• S. aureus (1)
    • Supportive care only
  • Noncholeraic Vibrio (1)
    • Ciprofloxacin 750 mg daily for 3 days or azithromycin 500 mg daily for 3 days
  • Vibrio cholerae (1)
    • Doxycycline 300 mg 1-time dose in most cases or tetracycline 500 mg QID for 3 days or erythromycin 250 mg TID for 3 days or azithromycin 500 mg/day for 3 days
  • Yersinia (2)
    • Usually supportive care only
    • Severe: doxycycline combine with aminoglycoside; TMP/SMX DS 160/800 mg BID for 5 days; or ciprofloxacin 500 mg BID for 7 to 10 days
  • For severe nausea and vomiting, promethazine is effective in adults. Ondansetron is effective in children (4).
  • Loperamide 4 mg initially, then 2 mg after each loose stool to a maximum of 8 mg in a 24-hour period may be used unless high fever, bloody diarrhea, and/or severe abdominal pain present (signs of enteroinvasion) (4)[A]
  • Bismuth subsalicylate (Pepto-Bismol) 525 mg QID is moderately effective in traveler's diarrhea (4)[A].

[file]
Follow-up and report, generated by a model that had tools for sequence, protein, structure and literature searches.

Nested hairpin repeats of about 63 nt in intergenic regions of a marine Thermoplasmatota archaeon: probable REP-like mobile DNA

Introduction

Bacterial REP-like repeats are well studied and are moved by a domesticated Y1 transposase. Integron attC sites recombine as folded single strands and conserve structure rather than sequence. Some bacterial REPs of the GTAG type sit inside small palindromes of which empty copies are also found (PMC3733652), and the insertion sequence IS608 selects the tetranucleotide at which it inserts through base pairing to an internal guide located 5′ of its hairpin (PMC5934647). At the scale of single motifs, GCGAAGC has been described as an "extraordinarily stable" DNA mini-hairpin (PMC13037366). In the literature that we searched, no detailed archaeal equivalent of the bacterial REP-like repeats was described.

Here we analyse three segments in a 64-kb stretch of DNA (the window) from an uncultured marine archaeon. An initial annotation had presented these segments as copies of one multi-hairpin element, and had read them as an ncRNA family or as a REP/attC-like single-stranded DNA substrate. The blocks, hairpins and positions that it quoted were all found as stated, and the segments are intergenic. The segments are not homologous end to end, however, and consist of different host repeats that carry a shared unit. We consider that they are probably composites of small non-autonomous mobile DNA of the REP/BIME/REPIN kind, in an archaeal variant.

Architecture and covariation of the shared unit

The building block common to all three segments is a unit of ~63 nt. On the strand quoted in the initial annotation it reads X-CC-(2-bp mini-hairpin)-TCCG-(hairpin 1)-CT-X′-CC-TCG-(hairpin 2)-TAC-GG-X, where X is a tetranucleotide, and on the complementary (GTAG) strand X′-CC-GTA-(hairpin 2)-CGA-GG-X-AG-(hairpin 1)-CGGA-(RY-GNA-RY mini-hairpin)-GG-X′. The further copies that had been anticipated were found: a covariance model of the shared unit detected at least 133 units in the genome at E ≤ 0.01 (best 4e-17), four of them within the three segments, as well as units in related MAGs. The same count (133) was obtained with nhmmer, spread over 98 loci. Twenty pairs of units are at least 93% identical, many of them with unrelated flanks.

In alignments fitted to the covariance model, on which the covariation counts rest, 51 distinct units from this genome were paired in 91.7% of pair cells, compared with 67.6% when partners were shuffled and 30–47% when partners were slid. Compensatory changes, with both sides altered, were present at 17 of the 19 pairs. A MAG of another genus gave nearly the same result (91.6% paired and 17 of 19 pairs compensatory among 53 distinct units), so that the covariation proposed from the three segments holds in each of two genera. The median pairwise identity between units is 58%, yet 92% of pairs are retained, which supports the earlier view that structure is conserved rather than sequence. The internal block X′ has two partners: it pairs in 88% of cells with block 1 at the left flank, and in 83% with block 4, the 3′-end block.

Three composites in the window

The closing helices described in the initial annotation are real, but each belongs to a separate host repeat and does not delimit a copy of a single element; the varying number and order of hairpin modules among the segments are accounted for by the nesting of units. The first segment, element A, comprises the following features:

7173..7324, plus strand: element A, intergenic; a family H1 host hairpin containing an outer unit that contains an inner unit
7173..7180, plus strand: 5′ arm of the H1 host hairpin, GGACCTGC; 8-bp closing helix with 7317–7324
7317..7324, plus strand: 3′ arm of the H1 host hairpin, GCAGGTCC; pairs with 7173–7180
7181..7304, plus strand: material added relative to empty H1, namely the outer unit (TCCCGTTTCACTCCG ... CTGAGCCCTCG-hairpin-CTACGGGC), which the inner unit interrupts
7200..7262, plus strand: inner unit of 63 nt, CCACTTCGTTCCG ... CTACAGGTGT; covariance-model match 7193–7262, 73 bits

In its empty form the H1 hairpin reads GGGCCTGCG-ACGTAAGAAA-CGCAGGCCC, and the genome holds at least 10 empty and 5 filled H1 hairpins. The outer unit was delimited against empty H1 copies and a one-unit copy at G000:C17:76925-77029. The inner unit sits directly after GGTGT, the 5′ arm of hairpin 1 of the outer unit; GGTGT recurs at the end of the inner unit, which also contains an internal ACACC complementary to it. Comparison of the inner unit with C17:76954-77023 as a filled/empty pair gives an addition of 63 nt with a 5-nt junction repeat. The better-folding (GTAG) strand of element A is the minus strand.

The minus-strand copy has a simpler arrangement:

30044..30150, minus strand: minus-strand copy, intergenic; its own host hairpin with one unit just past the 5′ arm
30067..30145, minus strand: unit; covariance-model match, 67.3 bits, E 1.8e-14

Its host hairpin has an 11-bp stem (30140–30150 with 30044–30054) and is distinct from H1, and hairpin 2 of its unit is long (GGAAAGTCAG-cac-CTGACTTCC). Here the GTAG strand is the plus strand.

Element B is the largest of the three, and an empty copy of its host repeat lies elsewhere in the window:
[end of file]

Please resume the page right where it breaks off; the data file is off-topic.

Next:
• Probiotics (i.e., Lactobacillus sp.) have been shown to reduce severity and sometimes duration by 24 hours. May also decrease likelihood of antibiotic-associated diarrhea (1,2). However, the evidence for their use is inconsistent (4)[C].
  • Diligent hand washing during course will decrease spread (2)[A].
  • Avoid food while nausea is present, but drink plenty of fluids in frequent sips.
  • As the nausea subsides, drink adequate fluids; add in bland, low-fat meals; and rest. Avoid alcohol, coffee, nicotine, and spicy foods.
  • Nursing infants should continue to be breastfed on demand, and infants and older children should be offered their usual food.
  • For diarrhea, consider a bland diet (BRAT: Bananas, Rice, Apples, Toast-dry).
  • Limiting dairy till 24 hours after last diarrhea episode may assist in symptom reduction.
Most infections are self-limited and will resolve over the course of 4 to 5 days. If antibiotics are given in moderate to severe traveler's diarrhea, the duration may shorten to a day and a half (Steffen).